CONTRAST RATIOS Hospitality environments need to make the patrons feel comfortable while accenting key areas and allowing for important tasks. Simply increasing brightness is not only a waste of electricity, but is also not effective. Bright spaces with lots of glare make guests uncomfortable and less likely to return. The key is layering light and using contrast throughout the space. There are four basic layers of lighting: General lighting, also called ambient, accent lighting, task lighting, and decorative lighting. Measured in footcandles, the IESNA has illuminance level recommendations based on the type of lighting, the type of space, the type of guest, and how the lighting will be used (Page 14). By layering these light types, depth and dimension is added to the space.

Contrast is achieved by using an increased illumination within the different types of light, commonly task and accent, to emphasize featured items against the general light levels. Contrast can be used to create visual hierarchies within the environment, enabling attention to be drawn to and focused on certain items based on the contrast ratio. For example, a 2:1 contrast ratio, with the accent lighting being two times brighter than the general lighting level, creates a barely recognizable contrast. Whereas a 30:1 contrast ratio will create a strong focal effect on the focal items. Each type of lighting has many options, and by incorporating the recommended light levels and contrast ratios, the end result is a space with high visual interest, depth, and dimension.

2:1 Ratio

30:1 Ratio

OPTICAL PERFORMANCE Brain Decoder

Light Source Eye Receptor

Performance requirements for lamps and integrated luminaires: 1. Visual appearance of light on a surface 2. Numerical performance, light level, and efficiency 3. Visual appearance and glare control of the luminaire itself

Object

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LAYERS OF LIGHT There are four layers of light typically used in hospitality lighting: general (also called ambient) lighting, task lighting, accent lighting, and decorative lighting. Combining and balancing these lighting types gives visual interest to the space and creates a more attractive, exiting and inviting environment.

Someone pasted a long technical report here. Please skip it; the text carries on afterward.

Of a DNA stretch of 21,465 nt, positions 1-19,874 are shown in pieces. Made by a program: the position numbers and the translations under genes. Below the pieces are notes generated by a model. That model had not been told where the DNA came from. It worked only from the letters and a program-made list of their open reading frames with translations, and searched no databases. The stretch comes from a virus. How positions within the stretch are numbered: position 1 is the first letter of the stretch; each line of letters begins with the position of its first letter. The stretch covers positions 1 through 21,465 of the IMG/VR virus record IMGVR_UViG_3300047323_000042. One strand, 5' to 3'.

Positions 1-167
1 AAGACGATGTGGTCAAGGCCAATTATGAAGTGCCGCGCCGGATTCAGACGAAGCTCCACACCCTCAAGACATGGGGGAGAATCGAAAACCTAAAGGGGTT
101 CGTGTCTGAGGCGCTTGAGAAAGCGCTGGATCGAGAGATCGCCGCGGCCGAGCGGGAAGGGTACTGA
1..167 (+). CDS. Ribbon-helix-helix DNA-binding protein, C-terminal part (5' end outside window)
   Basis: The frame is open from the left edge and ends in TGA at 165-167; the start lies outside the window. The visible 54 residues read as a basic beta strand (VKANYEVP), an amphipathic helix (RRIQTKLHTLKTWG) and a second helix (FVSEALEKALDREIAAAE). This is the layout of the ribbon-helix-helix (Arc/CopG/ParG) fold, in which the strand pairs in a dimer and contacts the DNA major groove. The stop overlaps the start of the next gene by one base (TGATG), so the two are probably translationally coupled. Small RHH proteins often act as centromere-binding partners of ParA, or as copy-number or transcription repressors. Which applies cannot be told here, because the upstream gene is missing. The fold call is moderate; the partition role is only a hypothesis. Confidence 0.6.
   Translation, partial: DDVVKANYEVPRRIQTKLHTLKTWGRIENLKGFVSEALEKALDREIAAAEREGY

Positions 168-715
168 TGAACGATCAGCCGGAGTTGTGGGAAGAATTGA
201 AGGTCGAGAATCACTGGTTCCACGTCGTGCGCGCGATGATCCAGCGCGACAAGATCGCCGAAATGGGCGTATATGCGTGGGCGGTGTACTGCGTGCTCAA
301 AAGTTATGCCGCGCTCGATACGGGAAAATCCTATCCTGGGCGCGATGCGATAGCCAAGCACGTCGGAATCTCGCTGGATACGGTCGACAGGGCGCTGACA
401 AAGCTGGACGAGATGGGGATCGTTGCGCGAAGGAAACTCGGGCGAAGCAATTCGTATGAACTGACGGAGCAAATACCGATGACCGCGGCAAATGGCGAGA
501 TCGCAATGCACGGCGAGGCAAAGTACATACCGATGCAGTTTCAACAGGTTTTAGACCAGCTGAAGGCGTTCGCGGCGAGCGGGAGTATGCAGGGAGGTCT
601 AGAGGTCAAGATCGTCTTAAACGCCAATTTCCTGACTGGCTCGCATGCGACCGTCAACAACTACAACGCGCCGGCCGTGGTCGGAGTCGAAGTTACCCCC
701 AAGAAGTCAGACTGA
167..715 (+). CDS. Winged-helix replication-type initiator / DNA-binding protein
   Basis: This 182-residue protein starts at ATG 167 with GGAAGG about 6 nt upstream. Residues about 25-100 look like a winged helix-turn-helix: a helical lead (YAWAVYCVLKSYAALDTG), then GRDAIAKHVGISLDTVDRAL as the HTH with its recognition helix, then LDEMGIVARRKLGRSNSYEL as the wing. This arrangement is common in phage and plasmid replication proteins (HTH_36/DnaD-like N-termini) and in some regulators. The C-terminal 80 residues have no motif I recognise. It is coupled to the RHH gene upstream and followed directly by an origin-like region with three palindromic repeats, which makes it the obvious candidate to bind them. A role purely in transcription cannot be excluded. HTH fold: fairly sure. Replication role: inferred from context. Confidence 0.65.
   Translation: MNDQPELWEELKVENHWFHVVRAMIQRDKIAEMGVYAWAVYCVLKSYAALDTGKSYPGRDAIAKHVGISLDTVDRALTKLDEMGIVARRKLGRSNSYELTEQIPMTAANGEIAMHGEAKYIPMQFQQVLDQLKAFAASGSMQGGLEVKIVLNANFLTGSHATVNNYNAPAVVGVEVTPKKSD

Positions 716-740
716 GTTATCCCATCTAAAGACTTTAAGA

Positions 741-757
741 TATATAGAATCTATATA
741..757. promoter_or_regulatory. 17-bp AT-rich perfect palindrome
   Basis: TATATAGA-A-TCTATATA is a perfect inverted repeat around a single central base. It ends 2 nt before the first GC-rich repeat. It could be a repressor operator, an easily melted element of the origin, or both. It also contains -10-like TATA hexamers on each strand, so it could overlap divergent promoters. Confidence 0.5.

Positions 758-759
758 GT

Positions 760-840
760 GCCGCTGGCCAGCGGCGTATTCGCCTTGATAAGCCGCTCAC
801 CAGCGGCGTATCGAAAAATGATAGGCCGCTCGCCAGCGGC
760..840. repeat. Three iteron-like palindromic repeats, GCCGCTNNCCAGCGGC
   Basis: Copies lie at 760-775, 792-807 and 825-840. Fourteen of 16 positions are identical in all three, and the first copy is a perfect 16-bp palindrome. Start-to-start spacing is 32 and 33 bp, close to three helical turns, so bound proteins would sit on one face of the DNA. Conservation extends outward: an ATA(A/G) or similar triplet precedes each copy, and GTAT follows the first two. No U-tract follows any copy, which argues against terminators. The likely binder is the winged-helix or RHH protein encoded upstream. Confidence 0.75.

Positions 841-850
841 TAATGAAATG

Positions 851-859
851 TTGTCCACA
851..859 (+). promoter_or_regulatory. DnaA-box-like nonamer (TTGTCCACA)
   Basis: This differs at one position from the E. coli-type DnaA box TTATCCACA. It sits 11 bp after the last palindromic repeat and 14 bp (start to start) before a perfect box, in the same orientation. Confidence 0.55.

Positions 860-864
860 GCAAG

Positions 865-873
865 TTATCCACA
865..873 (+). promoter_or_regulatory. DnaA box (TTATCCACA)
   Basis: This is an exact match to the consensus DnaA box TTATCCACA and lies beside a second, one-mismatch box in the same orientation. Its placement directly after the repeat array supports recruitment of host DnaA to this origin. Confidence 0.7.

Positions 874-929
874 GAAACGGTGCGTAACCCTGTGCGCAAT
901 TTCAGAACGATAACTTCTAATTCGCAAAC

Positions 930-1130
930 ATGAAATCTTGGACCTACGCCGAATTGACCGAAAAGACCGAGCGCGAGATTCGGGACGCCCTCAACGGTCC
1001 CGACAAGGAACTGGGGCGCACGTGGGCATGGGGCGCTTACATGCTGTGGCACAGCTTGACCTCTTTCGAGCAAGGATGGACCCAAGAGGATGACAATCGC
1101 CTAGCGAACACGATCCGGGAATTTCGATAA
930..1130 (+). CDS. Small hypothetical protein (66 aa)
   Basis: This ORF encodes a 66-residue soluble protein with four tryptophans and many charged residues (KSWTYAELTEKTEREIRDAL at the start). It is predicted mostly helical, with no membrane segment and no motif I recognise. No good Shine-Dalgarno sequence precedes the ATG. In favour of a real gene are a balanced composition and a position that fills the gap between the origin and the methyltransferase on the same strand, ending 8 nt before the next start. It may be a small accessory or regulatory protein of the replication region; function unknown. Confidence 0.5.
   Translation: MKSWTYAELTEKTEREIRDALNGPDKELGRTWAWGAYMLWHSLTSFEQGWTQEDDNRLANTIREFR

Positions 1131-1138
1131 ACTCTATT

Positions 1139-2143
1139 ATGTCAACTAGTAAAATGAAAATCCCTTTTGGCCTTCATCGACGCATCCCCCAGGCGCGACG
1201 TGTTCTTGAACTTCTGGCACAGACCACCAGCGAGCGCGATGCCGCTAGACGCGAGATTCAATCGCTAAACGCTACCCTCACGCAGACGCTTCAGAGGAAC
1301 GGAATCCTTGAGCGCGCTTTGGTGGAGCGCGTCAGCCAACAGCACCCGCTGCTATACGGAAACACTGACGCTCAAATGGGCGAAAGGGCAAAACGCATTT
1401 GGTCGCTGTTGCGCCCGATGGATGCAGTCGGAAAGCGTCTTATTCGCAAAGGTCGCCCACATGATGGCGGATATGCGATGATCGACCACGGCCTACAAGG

GENERAL LIGHTING General lighting is the main source of illumination in a space. This uniform, base level of lighting can easily become the focus of energy reduction, as the light levels from other fixtures can be lowered, especially when using LED and CMH lamp sources. Recommended light levels for general lighting is 30 - 50 footcandles. General lighting allows the guests and staff circulate throughout the space. Diffused general lighting ensures a sense of well-being, which makes customers feel comfortable. A simple way to achieve this is by arranging recessed fixtures using reflectors, baffles, and lensed trims in overlapping positions.

Perimeter lighting, or wall washing, helps define spaces, provides vertical lighting and makes the space feel larger. Done with sconces or wall washers, vertical lighting creates a pleasant, welcoming environment and adds to the visibility and visual impact of the displays on the walls. It is important that vertical surfaces are lit for visual comfort, spaciousness and visual and directional cues. Vertical brightness influences the customers’ impression of the space by making orientation easier, helping to define spaces, and aiding in making the space’s appearance to be larger, open and more welcoming for the consumer.

TASK LIGHTING Task lighting is used to illuminate an area for a specific task; providing a focused, localized, and higher level of illumination. Necessary to the functioning of a space, it is important to use energy efficient sources to reduce operating costs. Task lighting is most effective when used as a supplement to general lighting in workspaces, conference areas and on counter tops. Effective task lighting should eliminate shadows on the specific illuminated area, while preventing glare from the lamp or off surfaces.

Pendant luminaries at the front desk are a great way to provide task light for work; enabling staff to quickly and accurately check guests in, run register sales and credit card transactions, minimizing mistakes. Recommended light levels for task areas are 50 – 200 footcandles. When lighting a task area, take into account the difference in brightness, or contrast, between the task area and the surrounding space. A 3:1 ratio of task lighting to general illumination provides a nice contrast. The amount of light needed on the task, or luminance, is usually the most flexible variable of task lighting, and can be increased to compensate for low contrast levels.

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ACCENT LIGHTING Accent lighting creates a dramatic emphasis on the space using a focused, or point, light source or sources. It adds depth, contrast and creates a focal point for items to be displayed; it highlights shape, texture, finish and color. If this light is directed ambiguously, the end result may have many unwanted shadows obstructing the details of the highlighted items as well as distracting glare. The key is to make this illumination more precise and of higher intensity than the surrounding ambient light. Track fixtures, recessed housings with adjustable trims and concealed adjustable illumination with point source lamps provide directional control and are especially effective for accent lighting.